You would have heard of Landi Kotal, long known as the terminus of the Khyber Railway and the main cantonment guarding the head of the pass.
Landi Khana is not so well known. We first look at a detailed map of the Khyber Railway, which featured in an article by Victor Bayley and Gordon Hearn, the men most responsible for the construction of the line:
This lists all the stations on the line. Most of them were not shown in timetables.
The line was completed up to Landi Kotal in 1925 and to Landi Khana in 1926. Actually the line (or at least the embankment) was built up to a point right on the border. This point is mentioned as Torra Tigga Nala in contemporary accounts, though it is unclear what exactly it was (A station? or siding? or no track at all?)
Trains ran all the way up to Landi Khana in the first few years. Then the King of Afghanistan “requested” the Indian government to close the last stretch of the line. So no trains ran beyond Landi Kotal since 1932.
Here we see the 1930 NWR timetable for the line going all the way to Landi Khana:
My old friends from Dehradun would note the passenger train connecting Peshawar Cantt with that city. Coming to the point, we see from the small print that the trains ran between Landi Khana and Peshawar twice a week, and started from Landi Kotal on the other five days. This was the peak traffic for this line; by the time regular services ceased in 1984 the train ran up to Landi Kotal only once a week.
In the reverse direction, we see the same pattern, except that on Sundays the train left Peshawar later to provide a connection with the Frontier Mail and ran up to Landi Kotal.
Timetables in later years mentioned that “Passports will be examined at Jamrud”, meaning that you needed a passport to travel into the tribal territory where the British government had limited powers. However (as my father recounted), tourists from other parts of India could travel up to Jamrud, probably have their picture taken there, and say that they had visited the Khyber.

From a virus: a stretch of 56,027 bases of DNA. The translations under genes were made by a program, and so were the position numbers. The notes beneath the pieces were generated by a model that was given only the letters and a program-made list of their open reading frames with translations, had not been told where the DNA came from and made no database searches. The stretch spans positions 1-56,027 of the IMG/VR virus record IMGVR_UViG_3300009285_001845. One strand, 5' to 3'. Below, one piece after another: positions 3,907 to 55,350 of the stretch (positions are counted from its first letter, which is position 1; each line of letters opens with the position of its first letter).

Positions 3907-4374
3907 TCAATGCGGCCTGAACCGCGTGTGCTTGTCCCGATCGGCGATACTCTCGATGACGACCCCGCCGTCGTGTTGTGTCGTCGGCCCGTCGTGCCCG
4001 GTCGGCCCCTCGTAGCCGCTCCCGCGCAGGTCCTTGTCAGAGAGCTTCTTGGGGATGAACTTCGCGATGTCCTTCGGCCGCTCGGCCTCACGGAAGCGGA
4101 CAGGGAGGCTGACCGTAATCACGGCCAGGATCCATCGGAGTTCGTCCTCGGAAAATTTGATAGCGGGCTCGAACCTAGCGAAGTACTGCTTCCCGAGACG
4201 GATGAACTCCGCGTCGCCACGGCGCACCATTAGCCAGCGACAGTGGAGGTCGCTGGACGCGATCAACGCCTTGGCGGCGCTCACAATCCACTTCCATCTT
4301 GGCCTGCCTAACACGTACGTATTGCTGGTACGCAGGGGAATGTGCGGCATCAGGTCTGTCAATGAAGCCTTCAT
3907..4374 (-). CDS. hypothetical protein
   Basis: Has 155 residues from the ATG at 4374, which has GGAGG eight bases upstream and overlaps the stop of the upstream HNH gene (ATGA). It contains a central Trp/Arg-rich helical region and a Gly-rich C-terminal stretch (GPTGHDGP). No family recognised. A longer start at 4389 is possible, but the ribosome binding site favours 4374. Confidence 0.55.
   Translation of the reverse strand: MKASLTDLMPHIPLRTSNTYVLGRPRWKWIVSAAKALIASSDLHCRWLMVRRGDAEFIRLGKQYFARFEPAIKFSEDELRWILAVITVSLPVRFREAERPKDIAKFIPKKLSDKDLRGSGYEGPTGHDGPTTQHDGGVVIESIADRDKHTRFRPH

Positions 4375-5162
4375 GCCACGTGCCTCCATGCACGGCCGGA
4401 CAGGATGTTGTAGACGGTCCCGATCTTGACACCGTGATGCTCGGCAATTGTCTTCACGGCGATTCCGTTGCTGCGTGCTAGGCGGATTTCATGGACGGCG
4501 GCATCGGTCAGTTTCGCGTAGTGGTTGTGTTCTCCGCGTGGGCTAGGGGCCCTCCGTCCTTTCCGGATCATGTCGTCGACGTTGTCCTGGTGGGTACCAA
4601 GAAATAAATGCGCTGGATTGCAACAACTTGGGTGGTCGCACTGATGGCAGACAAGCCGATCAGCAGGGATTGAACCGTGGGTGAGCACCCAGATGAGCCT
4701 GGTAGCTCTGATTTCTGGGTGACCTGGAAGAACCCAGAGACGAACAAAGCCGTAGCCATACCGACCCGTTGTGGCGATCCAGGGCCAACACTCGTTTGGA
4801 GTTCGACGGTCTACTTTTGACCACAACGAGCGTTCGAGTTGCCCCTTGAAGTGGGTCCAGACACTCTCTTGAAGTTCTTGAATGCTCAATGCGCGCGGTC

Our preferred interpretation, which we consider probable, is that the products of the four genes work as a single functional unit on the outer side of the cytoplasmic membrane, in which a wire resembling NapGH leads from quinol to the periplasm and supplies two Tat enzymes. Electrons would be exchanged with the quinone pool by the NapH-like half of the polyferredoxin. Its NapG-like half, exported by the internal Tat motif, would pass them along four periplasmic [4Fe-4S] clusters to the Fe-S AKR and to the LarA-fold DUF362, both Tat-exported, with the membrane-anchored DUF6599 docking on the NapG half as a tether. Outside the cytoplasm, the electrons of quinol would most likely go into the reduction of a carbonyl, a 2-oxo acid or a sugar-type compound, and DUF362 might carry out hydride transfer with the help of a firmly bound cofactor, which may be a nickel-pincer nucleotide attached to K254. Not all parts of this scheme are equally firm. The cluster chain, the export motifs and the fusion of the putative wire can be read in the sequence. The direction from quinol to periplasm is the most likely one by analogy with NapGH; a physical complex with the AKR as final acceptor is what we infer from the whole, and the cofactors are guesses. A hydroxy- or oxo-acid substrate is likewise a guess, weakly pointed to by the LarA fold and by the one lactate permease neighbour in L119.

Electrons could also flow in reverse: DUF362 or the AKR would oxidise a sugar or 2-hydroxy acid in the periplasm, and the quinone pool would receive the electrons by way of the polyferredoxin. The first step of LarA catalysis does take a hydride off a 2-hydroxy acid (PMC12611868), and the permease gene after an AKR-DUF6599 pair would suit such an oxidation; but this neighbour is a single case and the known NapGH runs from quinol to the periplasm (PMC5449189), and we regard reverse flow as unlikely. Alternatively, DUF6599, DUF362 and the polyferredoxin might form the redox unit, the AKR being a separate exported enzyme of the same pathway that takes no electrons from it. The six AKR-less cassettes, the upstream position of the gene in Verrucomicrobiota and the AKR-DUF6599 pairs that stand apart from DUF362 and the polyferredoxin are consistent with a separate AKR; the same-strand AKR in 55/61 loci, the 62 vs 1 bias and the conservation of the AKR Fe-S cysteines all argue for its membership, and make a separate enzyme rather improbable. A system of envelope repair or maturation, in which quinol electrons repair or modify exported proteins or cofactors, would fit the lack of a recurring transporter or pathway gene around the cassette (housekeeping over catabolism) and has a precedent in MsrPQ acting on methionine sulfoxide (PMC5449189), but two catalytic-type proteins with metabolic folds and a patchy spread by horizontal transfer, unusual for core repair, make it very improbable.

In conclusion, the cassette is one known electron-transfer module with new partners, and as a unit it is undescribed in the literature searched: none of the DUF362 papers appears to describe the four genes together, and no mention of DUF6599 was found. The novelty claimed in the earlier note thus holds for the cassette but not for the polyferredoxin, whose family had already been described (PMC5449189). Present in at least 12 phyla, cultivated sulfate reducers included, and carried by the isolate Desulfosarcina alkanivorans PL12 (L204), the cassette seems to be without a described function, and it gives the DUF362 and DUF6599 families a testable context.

This is a picture of Landi Khana station (which obviously was taken between 1926 and 1932):
Note the Gurumukhi script. And the ever-reliable HGS locos which tackled the Khyber and Bolan passes without much fuss.
There appears to have been a small military outpost here, but it must have closed long ago. Which is why many people (even those presently living in Pakistan) do not know of its existence. As we will see, the remnants of this station still stand but there does not seem to be anything around it. The local villagers still use water from the water pipes laid in the 1920s for watering engines.
This is a grab from a video taken a few years ago:
No one has bothered to remove the Gurumukhi inscription, which has been done in many stations in Punjab since 1947.
You may find it interesting to watch this 9-minute video (entirely in Urdu) from 2017 to see this place as a sideline to a trip up to the Afghan border:
One of the places they passed was this station which was one of the stops on the excursion trains which ran until the floods wrecked the line in 2008.
Here another sign in Gurumukhi script still survives, unlike this one from pre-partition Lahore:
If you approached the Afghan border, you would see this sign if you tried to cross anywhere except the official route:
And if you did succeed in crossing, you could look back and see this:
It should not be difficult to understand what P, J and LKL were. In those days all distances were measured in miles.
Now, you may say, you have told us all about a corner of Pakistan so obscure that few Pakistanis (leave alone Indians) have heard of it. Why is it important?
The answer is: It was important to know about it if you were an Indian POW in Pakistan in 1972.
To be continued.